Community Use of School Facilities After the Bell Rings
While not a new concept, after hours use of school buildings has become far more complex. Taxpayer funded school facilities that offer academic, enrichment or other services to the general-public after and perhaps even during the school day, must balance both school and community needs. In many cases, consideration of these secondary uses for school facilities starts early in the project planning process, often before design begins. These “non-school” activities can be a catalyst for developing support for school funding votes. Some schools may boast adequate facilities to host community meetings, others an interior walking track for use by senior citizens at designated times or even during the school day and yet others, such as specialized “maker spaces” can support both educational and community enrichment programs.
These types of programs face a variety of challenges. If the school is in use by other user groups during the school day, separation, privacy, and security need to be addressed early in the planning process. Some career and technical schools offer commercial services to a community such as auto repair, restaurants associated with a culinary program and salons associated with cosmetology programs. These programs help to integrate a school and its community while realizing significant educational benefits. In order to plan a project with these objectives, separate entrances, secure separation between public and school areas and advanced security and supervision are often warranted. Many schools now employ an identification and badging process that runs instantaneous CORI and Sex Offender checks before admittance can be gained.
When a school facility is used after hours for extended school and community functions, there are usually additional issues relating to compartmentalization of the building. Understanding the many ways that the building will be utilized on weekday evenings and on weekends is critical to overall school organization. Preliminary planning will consider various entry strategies, security protocols and implications of extended use on mechanical and electrical systems. Extended day activities will seldom require use of the entire building as its operated during the regular school day. Therefore, design of the systems must consider flexibility so that the BMS (Building Management System) program can be easily adapted to heat, cool, and ventilate certain areas in use at given times. The capabilities of these systems require a user-friendly interface so that they can be easily modified when extended day program scheduling changes.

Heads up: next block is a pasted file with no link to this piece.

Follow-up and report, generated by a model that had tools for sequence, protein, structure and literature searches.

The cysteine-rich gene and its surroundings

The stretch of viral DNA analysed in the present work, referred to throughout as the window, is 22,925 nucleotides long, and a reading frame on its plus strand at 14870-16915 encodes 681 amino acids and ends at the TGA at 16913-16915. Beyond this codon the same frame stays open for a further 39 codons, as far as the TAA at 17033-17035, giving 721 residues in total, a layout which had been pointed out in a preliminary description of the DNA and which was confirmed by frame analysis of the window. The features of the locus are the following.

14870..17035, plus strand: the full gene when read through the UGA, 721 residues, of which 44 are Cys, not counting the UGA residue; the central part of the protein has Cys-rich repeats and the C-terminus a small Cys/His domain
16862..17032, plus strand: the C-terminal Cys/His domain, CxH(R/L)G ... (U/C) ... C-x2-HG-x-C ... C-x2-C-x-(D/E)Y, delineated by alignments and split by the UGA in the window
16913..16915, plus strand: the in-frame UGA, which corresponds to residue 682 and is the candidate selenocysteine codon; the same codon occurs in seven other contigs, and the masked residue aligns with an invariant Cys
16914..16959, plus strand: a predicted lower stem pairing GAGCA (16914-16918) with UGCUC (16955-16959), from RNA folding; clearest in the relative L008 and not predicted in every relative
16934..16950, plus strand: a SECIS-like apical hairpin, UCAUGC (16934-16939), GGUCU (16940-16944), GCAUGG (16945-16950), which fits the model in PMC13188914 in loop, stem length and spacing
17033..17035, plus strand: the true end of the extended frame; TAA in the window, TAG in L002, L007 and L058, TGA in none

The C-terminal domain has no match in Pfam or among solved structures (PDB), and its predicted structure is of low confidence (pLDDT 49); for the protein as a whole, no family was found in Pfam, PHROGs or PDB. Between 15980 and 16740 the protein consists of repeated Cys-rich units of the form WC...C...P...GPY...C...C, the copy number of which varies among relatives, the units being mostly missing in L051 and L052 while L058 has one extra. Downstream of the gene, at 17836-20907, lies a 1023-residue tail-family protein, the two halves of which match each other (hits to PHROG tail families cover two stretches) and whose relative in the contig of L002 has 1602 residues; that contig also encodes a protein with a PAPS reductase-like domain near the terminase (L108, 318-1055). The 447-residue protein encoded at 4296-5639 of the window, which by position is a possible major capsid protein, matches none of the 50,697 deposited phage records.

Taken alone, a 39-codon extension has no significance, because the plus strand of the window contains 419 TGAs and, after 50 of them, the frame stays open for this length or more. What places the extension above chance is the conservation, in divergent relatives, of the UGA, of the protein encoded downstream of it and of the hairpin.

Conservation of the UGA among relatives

Gymnasiums, auditoriums, and cafeterias are the most common venues to host after-hours school and community functions, but recent trends create demand for use of other areas of the building. Some of these spaces, which have originated or been redefined for 21st century learning standards, include “STEAM labs,” makerspaces, learning commons, black box theaters, and even general classrooms. They offer resources and equipment that is often attractive to educational clubs, civic groups, and other local organizations. With this increased use, a school building becomes a vital center of a community’s infrastructure, thrumming with activity at all hours of the day and night. Insight and experience in planning for this new reality will ensure that schools are designed appropriately to serve a community’s long-term needs well into the future. ♦